Controls
aligned
to
causes
In most risk registers I have seen, current controls are captured as a block, usually in a free-text field.  In my view, this does not allow for the alignment of the controls to a specific cause.  I have found, however, that directly aligning controls to causes allows me to identify where there may be control gaps. When developing controls, they need to be specific so there can be no confusion.  Describing controls in a manner such as: Training; Policies and procedures; Induction; Physical security; and Processes is not helpful in terms of the next step, which is to determine their effectiveness.  To that end, controls should be described as follows: Annual fraud control training programSeparation of duties Fraud component of induction packageUnauthorised external device auditsPenetration testing program
Control
Owner
The person nominated as responsible and accountable for the implementation and ongoing review of the control for the organisation
Control Effectiveness This is one of the most important columns in that it provides an assessment of the effectiveness of the controls linked to the causes of the risk.  This is then used to determine the likelihood of the risk. Measuring control effectiveness is explored in detail in Risk Tip #2.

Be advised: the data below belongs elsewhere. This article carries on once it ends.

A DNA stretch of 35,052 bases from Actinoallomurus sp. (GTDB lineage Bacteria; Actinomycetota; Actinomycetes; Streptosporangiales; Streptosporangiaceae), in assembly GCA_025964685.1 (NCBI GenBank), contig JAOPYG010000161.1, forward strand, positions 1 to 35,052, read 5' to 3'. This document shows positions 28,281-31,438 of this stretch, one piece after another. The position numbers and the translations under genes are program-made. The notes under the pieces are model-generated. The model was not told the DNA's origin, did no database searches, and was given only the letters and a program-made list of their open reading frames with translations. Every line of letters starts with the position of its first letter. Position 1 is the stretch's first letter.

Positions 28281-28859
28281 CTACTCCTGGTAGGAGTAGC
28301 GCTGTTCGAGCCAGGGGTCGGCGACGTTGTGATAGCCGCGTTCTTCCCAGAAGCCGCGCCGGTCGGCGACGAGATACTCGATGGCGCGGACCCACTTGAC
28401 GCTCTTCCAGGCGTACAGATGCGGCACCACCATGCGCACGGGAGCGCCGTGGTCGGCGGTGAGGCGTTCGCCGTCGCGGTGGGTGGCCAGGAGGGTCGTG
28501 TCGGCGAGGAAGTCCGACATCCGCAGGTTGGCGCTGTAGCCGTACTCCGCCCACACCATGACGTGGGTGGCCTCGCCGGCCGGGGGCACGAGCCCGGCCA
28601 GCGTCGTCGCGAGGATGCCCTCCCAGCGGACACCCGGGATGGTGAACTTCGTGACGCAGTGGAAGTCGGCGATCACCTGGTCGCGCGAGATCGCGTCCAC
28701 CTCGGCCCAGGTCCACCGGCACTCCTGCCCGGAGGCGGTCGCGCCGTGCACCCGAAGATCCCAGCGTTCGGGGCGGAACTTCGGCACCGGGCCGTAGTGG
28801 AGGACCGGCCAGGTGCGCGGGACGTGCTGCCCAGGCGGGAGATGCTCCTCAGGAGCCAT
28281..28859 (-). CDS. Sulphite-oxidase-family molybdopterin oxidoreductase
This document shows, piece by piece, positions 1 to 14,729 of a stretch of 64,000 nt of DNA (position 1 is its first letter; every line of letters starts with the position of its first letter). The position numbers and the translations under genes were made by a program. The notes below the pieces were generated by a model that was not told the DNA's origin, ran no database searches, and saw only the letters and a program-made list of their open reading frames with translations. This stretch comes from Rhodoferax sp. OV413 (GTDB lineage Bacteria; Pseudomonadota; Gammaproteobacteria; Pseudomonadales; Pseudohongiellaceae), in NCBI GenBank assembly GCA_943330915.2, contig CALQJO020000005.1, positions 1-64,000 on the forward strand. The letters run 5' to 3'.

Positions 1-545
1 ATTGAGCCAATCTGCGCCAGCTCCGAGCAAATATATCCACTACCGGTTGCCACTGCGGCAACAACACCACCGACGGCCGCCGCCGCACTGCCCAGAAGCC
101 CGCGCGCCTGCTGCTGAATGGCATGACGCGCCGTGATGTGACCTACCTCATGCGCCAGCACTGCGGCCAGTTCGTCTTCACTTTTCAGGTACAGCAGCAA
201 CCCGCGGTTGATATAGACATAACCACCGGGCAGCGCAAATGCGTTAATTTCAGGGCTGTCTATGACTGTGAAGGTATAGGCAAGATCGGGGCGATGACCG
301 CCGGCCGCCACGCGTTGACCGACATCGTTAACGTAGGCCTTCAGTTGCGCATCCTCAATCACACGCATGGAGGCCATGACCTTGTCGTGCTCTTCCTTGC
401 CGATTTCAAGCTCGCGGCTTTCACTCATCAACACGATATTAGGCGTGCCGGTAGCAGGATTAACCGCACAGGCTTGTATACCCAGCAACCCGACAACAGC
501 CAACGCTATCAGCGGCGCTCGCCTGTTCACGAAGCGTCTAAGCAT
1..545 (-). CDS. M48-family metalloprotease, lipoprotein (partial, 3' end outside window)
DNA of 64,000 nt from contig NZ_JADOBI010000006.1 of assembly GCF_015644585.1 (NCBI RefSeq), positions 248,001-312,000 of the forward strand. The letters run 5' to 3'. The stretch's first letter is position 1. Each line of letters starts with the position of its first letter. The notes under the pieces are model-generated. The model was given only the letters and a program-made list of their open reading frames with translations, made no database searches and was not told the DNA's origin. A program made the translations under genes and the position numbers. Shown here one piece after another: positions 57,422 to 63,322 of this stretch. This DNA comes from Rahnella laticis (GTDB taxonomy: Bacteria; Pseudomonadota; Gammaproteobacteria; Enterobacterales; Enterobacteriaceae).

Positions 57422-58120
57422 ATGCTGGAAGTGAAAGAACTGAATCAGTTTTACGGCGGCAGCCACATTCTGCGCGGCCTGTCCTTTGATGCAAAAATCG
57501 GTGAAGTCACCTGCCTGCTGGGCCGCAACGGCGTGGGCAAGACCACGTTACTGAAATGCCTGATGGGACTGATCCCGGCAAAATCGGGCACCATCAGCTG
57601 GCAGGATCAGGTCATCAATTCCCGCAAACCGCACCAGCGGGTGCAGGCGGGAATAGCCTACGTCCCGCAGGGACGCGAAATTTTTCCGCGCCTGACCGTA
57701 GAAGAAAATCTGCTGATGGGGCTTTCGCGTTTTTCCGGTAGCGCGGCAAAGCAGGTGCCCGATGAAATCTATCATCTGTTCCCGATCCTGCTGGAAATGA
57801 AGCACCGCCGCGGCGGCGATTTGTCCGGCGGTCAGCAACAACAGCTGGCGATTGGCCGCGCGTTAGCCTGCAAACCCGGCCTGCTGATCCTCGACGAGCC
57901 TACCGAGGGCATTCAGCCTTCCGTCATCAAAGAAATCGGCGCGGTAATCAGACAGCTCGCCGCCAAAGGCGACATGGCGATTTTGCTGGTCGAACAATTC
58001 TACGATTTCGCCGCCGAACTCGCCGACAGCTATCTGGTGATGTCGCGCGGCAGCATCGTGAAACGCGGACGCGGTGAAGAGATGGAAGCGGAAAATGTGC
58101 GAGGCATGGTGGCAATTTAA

Control Criticality Control criticality accounts for the fact that not every control will have the same impact in terms of managing the risk.  The table I use to determine criticality is shown below:

Risk Consequence/s (What is the impact on X,Y,Z Organisation should this risk eventuate) In this column, I provide a descriptive overview of the consequences that may arise if the risk was to materialise.  This gives a view of the range of consequences as opposed to the level of consequence.  Examples include: Potential negative impact on XYZ’s reputationPotential legal action against the companyPotential scrutiny by regulatorsCould lead to business disruptionCould lead to death/injuryPotential for additional costs to rectify issue